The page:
On July 12, the veteran broadcaster John Simpson tweeted that, of all the world leaders he had interviewed throughout his long career, there were three who had stood out for their personal and leadership qualities: Vlodomyr Zelenskiy, Vaclav Havel and Nelson Mandela.
All three statesmen are well known for their stories outside politics, as the actor-President, the playwright-President and perhaps the 20th century’s best-known political prisoner. It is worth thinking about the skills that Havel and Zelenskiy will have brought to high office from their backgrounds in the creative and performing arts.
These vital skills will be important on less exalted levels, too. I was reminded of Stephen McNair’s piece in East Anglia Bylines naming six ‘essential skills’ for professional life: collaboration, communication, creative thinking, information literacy, planning and problem-solving. Studying any creative subject will provide plenty of opportunities to practice these, particularly the first three. In contrast, the fact-obsessed curricula in England – produced by an establishment outsourced, as it seems to be, to Messrs. Gradgrind and Squeers – perversely, and maybe intentionally, ignores them. Is it failing to nurture future leaders by doing so?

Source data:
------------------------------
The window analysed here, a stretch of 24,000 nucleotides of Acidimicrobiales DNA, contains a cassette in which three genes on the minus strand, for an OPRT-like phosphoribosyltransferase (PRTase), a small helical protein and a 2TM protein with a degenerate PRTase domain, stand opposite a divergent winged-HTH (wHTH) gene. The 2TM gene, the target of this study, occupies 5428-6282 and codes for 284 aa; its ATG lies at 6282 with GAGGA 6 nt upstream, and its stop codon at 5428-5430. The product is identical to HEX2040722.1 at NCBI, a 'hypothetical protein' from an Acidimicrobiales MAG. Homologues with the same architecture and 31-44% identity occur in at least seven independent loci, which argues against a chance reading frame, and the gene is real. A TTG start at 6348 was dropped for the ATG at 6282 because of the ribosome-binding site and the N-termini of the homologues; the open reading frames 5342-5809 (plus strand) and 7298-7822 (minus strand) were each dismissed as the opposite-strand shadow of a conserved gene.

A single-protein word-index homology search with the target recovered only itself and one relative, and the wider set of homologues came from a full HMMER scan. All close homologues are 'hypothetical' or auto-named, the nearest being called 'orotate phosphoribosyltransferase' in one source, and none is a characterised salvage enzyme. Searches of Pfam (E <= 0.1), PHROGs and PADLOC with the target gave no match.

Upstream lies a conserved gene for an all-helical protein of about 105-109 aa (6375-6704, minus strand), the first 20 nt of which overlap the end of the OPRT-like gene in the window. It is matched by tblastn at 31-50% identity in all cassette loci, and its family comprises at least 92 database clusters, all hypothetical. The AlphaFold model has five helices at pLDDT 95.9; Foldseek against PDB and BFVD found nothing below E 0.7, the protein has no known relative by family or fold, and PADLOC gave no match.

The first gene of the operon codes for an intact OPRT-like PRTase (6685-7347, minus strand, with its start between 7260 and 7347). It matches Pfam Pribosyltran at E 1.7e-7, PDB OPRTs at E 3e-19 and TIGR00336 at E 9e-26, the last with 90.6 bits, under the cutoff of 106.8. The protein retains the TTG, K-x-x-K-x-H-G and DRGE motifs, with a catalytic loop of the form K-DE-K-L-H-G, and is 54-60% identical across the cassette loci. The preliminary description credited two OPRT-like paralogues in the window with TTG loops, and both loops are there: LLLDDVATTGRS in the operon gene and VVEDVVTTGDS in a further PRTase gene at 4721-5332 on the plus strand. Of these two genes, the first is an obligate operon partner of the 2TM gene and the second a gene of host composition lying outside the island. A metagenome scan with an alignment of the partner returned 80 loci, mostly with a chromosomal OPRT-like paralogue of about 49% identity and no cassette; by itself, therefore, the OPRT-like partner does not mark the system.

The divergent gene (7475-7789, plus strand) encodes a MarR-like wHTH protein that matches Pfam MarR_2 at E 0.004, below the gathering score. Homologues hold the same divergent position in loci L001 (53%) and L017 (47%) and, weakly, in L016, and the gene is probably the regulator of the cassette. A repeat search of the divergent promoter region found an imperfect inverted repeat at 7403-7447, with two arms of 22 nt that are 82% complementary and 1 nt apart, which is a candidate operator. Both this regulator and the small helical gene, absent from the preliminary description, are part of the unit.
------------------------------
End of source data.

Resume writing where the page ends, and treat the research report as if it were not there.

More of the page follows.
And so, back to Simpson’s list of three. As the planet boils, where can we begin to look for the leadership that later decades will require? Jail, perhaps?
Dr Clare Sansom
Cherry Hinton, Cambridge